HHave you ever seen someone at your gym squatting or lunging with a marked bar, or stepping over a rope-like device while a trainer watches?
They probably did a Functional Movement Screen (FMS) test. It is one of the oldest and most popular systems for screening injury risk and athletic performance using strength, mobility and movement testing.
“The FMS is our tool for standardized movement screening to see how a person, regardless of their age, moves in everyday life,” says the FMS website. The test is designed to help coaches and trainers develop more informed strength and conditioning programs.
“I’ve found the FMS to be useful as a fundamental tool and as a simple, quick way for clients to identify some of their potential gaps and strengths,” says personal trainer Alexis Lynn. “We can then test again to see the improvements and see what’s working and what’s not working.”
But DDoes the FMS actually provide reliable information? Unfortunately, research doesn’t entirely back up the claims.
When it comes to predicting injury, several studies and systematic reviews have shown that FMS is in fact of no predictive value. For example, a paper that used the FMS on 257 collegiate athletes said it had only a slightly better than 50/50 chance (essentially a coin toss) of identifying the athletes who were at highest risk of injury. A systematic review found that the FMS showed no power to predict injury.
Research on whether it can accurately predict athletic performance is more sparse, but the same trend is emerging. A systematic review found little to moderate evidence that teens who do well on FMS also tend to do better on physical tests of flexibility, running speed, strength, and cardiovascular fitness. Another systematic review found no predictive power for athletic performance, aside from testing the deep squat and lunge.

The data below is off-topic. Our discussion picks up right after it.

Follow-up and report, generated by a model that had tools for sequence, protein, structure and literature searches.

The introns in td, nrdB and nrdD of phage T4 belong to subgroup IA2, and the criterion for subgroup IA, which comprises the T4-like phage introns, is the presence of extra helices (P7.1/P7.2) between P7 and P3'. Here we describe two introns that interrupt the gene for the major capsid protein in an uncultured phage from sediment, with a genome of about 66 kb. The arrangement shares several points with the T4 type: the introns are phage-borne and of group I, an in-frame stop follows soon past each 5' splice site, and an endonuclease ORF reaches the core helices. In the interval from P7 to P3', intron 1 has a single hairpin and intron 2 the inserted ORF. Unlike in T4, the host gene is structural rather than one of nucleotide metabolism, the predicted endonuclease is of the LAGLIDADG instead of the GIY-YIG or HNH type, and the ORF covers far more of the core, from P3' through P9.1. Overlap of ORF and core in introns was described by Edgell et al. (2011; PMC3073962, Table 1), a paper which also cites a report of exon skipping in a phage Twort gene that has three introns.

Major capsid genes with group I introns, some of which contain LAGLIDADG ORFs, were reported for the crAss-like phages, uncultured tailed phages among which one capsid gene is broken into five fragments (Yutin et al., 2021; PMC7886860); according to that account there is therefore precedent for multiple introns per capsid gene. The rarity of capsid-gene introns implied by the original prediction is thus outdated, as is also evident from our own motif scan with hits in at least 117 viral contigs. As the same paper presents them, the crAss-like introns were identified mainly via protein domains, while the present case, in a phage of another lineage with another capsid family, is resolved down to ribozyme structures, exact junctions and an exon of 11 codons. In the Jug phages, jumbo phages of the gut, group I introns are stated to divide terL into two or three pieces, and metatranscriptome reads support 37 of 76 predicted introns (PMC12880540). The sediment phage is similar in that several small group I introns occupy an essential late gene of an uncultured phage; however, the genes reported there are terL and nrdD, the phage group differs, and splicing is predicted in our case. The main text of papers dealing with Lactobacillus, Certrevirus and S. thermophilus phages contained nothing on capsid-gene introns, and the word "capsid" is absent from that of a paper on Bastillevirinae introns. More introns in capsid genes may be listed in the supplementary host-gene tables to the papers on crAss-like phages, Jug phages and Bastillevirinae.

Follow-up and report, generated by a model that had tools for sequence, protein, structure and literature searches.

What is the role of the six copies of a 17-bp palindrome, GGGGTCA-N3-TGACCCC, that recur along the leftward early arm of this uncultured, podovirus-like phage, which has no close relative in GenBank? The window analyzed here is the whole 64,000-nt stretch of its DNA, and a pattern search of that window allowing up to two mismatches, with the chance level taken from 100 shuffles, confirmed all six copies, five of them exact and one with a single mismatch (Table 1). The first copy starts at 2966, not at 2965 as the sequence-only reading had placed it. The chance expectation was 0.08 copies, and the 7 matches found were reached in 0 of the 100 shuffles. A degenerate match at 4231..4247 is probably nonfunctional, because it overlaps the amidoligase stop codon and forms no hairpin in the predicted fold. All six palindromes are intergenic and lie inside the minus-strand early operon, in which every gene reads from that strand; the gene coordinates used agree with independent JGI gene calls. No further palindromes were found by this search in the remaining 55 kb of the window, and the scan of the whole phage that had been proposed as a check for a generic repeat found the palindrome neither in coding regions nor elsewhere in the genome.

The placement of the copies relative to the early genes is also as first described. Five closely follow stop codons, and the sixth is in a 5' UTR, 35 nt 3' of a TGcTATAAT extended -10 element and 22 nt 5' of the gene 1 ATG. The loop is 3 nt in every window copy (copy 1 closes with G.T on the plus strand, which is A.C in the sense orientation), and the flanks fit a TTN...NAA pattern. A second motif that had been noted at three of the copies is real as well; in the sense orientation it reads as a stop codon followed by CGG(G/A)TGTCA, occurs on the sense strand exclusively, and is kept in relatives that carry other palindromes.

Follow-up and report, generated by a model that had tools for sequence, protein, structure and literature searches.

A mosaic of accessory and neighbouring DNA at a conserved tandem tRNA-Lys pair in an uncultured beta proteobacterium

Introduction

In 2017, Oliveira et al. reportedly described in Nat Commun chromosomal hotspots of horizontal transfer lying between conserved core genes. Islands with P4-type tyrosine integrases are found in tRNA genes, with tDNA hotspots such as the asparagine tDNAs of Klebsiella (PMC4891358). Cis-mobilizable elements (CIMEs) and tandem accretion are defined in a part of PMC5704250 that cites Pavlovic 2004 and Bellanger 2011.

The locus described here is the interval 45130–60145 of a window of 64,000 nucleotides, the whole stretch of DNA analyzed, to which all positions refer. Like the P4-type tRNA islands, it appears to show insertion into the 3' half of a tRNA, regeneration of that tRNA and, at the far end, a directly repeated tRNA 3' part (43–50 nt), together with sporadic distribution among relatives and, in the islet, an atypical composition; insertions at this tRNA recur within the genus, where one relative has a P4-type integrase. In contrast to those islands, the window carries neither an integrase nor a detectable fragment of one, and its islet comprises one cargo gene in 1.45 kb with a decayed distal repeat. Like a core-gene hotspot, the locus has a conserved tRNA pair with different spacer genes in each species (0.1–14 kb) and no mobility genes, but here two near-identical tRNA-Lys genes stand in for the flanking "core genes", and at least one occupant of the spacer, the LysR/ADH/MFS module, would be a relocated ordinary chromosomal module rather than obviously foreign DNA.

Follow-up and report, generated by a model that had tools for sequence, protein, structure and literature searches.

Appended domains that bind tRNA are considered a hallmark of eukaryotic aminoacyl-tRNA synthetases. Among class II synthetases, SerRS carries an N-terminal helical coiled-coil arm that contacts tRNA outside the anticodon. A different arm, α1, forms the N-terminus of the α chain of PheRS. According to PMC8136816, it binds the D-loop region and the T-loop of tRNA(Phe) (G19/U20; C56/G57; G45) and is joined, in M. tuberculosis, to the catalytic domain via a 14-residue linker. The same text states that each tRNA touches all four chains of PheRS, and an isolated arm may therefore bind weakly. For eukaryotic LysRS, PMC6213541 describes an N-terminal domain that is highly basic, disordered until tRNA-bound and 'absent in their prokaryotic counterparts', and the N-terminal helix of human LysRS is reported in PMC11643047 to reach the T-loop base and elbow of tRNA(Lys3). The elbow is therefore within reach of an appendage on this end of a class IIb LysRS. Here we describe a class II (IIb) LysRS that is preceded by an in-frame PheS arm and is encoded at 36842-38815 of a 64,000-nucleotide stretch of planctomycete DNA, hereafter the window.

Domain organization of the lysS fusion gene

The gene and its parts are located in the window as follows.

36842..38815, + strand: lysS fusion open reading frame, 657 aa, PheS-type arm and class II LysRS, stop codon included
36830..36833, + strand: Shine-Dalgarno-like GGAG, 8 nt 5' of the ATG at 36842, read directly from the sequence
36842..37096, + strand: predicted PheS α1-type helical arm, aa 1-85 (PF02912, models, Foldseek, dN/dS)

So what should the FMS be used for?
Although using the FMS to predict injury or sports performance may seem challenging, the tool is can used to assess movement quality, or how well a person is moving. That’s because the tests mimic real-world movements (squats, lunges, overhead holds, steps) and focus less on whether you’re able to complete the movement and more on it how you complete it.
“Simply putting movement quality at the forefront of a person’s thinking can be a huge win — in both the rehab and performance worlds,” says physical therapist Jessica Lee. “Using the FMS is an easy and relatively quick way to introduce complex topics in a relatable way that people can physically feel as they take the tests.” Concepts like chest extension or how well you can arch your upper back are much easier to understand when you do them, rather than simply being informed about them.
Are there more useful tests?
There are other tests that may be more telling than the FMS. For example, the Star Excursion Balance Test /Y-Balance Test is used to measure the lateral difference in reach while standing. To do this, you stand in the middle of a grid and reach as far as possible in one direction. Research has consistently shown that a difference in forward reach of greater than four centimeters between the two sides of the body can predict an increased risk of lower body injury.
The Landing Error Scoring System Test might also come in handy. But it is a bit more complex: The test leader records the participant’s fall from a 30 centimeter high box from two different angles (straight and from the side) and then evaluates the landing with a point system. Research has shown that a possibly Predictive value, but there is still work to be done to prove it.
Trainers can also use force plates to measure a number of different attributes in movements like jumping. And advanced motion capture systems are being developed to accurately measure things like center of gravity and range of motion of joints.
As technology advances and becomes more reliable, we will only see a greater focus on objective testing to measure areas of our fitness that can be improved. And that will only give us more information that we can put to good use.